UPDATE: Palm Bay police have reported that Victoria Stites, missing since Sunday, has been found safe. She was located in Jamaica, New York. No further details were immediately released. ORIGINAL STORY: Police are asking for the public’s help in finding a Florida teen who is missing and considered to be in danger. >> Watch the news report here Victoria Stites, of Palm Bay, is 19, but her mental capacity is lower than her age, Palm Bay police say. She is possibly traveling to Jamaica, New York, with a man she met on Facebook. >> Read more trending news She was last seen Saturday leaving her Palm Bay home, north of Vero Beach, wearing a green shirt and black jeans, and carrying a purple duffel bag. She has blonde/brown hair and brown eyes. She is about 5-foot-7 and weighs 135 to 140 pounds. Anyone with information on her whereabouts is asked to call 1-800-423-TIPS.
A 2-year-old child who was critically injured after being backed over by his mom’s vehicle around Midnight, has died. According to JSO, Christopher Jackson Jr.’s mom was visiting a relative at the Mathews Crossing Apartments on Century 21 Drive near Atlantic Blvd. The mother asked a relative to watch the boy so that she could go to the store. He was able to leave the apartment without the relative’s knowledge, and was struck by his mother as she was backing out of a parking spot. Family members drove the boy to Memorial Hospital where he later died. Police say the mother did not exhibit any indications of impairment. JSO is now calling the case an accidental death.
After a reported bank robbery in Mandarin, the Jacksonville Sheriff's Office is now tying the same suspect to at least three other crimes. Between May 18, 2017, and June 16, 2017, JSO says there are four bank robberies in the Jacksonville-area that appear to be related: 06/16/2017 – BB&T Bank located at 11331 San Jose Boulevard 06/07/2017 – Bank of America located at 13170 Atlantic Boulevard 05/25/2017 – First Florida Credit Union located at 4530 St Johns Avenue 05/18/2017 – Atlantic Coast Federal Bank located at 8048 Normandy Boulevard In each robbery, police say the suspect enters the bank wearing a hat and sunglasses and then approaches the teller, pulls out a black semi-automatic handgun, and demands money. Once the suspect receives the money, he flees the area on foot. If you have any information about where this suspect is, or even who he is, you're urged to contact the Sheriff's Office at (904) 630-0500.
The Jacksonville Sheriff’s Office is searching for a man who held up a Mandarin bank. Police responded to the Suntrust Bank on San Jose Blvd. Monday after a suspect walked in, slipped the teller a note demanding money, and fled with cash. JSO says the suspect went to a wagon-type vehicle parked nearby and then drove off. This incident has been classified as an armed bank robbery, although JSO says a weapon wasn’t shown and nobody was hurt. The suspect is described as a white man who’s around 6’3” and was last seen wearing a Gators cap, dark jacket, and black shorts. This robbery is not believed to be related to any other recent bank robberies which have occurred in the area, including one just to the north of this bank ten days ago. We will update this story as more information is available and if JSO provides surveillance footage from the bank. If you have any information, you’re asked to contact JSO at 904-630-0500.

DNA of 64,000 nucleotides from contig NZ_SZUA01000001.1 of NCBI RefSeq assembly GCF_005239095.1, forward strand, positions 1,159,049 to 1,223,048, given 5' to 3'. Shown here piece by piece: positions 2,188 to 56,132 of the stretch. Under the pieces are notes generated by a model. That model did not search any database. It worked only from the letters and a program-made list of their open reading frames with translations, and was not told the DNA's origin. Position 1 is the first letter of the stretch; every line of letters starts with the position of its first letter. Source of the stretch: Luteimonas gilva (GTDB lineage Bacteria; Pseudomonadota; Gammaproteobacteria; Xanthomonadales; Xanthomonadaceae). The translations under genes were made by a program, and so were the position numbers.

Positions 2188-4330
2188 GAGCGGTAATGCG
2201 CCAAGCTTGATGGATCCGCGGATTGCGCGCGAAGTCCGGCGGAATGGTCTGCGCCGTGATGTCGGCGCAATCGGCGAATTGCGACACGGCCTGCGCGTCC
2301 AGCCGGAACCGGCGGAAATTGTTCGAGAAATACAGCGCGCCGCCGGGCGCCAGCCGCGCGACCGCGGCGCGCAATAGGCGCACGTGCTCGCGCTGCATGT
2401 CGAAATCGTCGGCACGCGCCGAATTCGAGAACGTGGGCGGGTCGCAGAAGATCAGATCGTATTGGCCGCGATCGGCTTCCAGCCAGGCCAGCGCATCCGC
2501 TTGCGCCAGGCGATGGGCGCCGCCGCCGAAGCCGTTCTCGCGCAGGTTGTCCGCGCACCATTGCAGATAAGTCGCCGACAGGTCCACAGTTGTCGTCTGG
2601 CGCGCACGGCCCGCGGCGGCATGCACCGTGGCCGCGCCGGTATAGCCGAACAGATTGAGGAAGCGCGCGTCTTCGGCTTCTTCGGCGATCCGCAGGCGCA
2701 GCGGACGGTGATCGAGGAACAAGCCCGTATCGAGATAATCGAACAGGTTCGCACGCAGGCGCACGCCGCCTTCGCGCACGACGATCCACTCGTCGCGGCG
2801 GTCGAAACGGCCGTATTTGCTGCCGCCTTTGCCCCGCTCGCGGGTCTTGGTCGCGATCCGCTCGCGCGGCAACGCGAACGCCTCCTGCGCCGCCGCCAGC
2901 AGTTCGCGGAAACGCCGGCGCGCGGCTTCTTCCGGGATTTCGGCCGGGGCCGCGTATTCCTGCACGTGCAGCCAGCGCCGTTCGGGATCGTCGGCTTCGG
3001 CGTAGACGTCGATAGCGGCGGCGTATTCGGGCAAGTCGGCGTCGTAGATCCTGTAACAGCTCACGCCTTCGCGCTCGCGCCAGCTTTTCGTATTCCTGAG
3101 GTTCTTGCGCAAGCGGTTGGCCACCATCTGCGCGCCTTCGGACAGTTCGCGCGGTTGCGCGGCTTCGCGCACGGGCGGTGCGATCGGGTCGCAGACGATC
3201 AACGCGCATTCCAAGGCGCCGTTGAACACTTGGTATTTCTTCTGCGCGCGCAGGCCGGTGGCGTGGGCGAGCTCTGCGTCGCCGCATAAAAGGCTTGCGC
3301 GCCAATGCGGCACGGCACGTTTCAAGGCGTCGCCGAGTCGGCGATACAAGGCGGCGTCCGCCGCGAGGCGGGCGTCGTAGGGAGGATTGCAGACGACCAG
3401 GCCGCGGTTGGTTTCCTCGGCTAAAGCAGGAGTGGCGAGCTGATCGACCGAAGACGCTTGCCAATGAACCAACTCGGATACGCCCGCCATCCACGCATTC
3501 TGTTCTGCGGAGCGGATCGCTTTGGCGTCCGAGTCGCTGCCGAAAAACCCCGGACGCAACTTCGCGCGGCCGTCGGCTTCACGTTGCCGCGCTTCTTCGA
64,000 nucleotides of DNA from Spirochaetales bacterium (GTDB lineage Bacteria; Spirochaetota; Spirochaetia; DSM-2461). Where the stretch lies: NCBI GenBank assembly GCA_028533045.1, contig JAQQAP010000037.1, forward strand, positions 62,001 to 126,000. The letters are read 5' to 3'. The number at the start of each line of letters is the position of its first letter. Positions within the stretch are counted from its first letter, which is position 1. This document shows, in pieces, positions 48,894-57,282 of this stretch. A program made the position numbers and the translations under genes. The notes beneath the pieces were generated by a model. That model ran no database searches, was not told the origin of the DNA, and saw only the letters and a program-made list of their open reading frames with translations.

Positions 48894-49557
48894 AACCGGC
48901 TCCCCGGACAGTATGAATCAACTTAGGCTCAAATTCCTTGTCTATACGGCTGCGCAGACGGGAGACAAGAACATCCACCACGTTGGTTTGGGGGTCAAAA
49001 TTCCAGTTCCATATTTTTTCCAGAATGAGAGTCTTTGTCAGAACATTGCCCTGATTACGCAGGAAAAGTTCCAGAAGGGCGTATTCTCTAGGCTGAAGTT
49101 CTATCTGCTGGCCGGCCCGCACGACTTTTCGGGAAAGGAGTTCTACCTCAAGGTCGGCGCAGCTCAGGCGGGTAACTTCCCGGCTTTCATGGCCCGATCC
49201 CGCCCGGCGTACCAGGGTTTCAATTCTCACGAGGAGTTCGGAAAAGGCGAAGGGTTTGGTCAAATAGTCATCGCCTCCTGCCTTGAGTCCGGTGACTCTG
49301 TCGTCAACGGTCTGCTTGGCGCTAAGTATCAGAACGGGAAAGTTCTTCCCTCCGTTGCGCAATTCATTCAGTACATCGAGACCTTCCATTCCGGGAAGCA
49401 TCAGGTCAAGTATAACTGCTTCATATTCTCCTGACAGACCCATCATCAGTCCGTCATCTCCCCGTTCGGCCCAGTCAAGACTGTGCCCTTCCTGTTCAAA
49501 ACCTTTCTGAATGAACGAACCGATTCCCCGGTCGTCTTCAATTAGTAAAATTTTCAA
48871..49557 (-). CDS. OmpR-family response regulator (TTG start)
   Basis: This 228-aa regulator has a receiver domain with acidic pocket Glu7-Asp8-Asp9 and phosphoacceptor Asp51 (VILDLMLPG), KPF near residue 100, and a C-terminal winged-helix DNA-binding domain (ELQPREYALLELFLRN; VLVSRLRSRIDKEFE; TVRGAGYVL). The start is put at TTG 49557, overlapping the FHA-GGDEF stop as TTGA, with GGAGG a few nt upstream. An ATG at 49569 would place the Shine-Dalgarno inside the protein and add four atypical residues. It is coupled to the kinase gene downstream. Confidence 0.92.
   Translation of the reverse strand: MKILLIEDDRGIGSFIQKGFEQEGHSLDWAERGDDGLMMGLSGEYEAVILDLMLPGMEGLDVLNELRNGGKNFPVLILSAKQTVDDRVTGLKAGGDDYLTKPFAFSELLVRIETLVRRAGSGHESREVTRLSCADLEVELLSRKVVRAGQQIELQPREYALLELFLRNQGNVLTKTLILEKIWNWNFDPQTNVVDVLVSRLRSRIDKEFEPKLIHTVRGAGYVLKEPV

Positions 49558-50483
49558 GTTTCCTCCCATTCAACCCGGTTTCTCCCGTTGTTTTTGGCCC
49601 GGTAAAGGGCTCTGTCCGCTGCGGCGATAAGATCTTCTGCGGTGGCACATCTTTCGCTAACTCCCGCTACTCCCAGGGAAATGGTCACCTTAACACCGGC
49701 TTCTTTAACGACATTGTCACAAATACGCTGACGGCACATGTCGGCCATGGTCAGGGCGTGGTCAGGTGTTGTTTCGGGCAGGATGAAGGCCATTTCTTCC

Tucked away in the twenty-first day of email releases from a top aide to Hillary Clinton today was the email that evidently was used to dupe John Podesta into giving away his password, giving hackers years of behind-the-scenes emails and documents about Hillary Clinton’s quest for the White House.
It turns out, it wasn’t just Podesta’s fault.
As reported by other news organizations, the hack occurred on March 19, 2016 – with an email that was purportedly from Google, warning Podesta that someone had tried to log into his account from Ukraine.
We finally saw that email today, as part of a later email exchange:
The shortcut “bit.ly/1PibSU0” at the bottom – which supposedly would help Podesta change his password, was really a cleverly designed effort to get him to reveal his password to hackers.
That link actually takes you to this link, which, when you click on it, it took me to a warning page:
If you sort through that extensive URL, you see this: “myaccount.google.com-securitysettingpage.tk” – which is a tip off that it is not real.
The domain “.tk” is from Tokelau, an island off of New Zealand – and that’s not where Google is headquartered.
Not only was Podesta fooled, but also it seems the internet experts inside Hillary Clinton’s campaign didn’t recognize it for a Google fake.
“This is a legitimate email,” wrote Charles Delavan, who is identified as a worker on the HFA (Hillary For America) Help Desk.
“John needs to change his password immediately, and ensure that two-factor authentication is turned on his account,” Delavan wrote.
“The gmail one is REAL,” added Sara Latham, another employee with a hillaryclinton.com email address.
Jamie Dupree is the Radio News Director of the Washington Bureau of the Cox Media Group and writes the Washington Insider blog.
A native of Washington, D.C., Jamie has covered Congress and politics in the nation’s capital since the Reagan Administration, and has been reporting for Cox since 1989.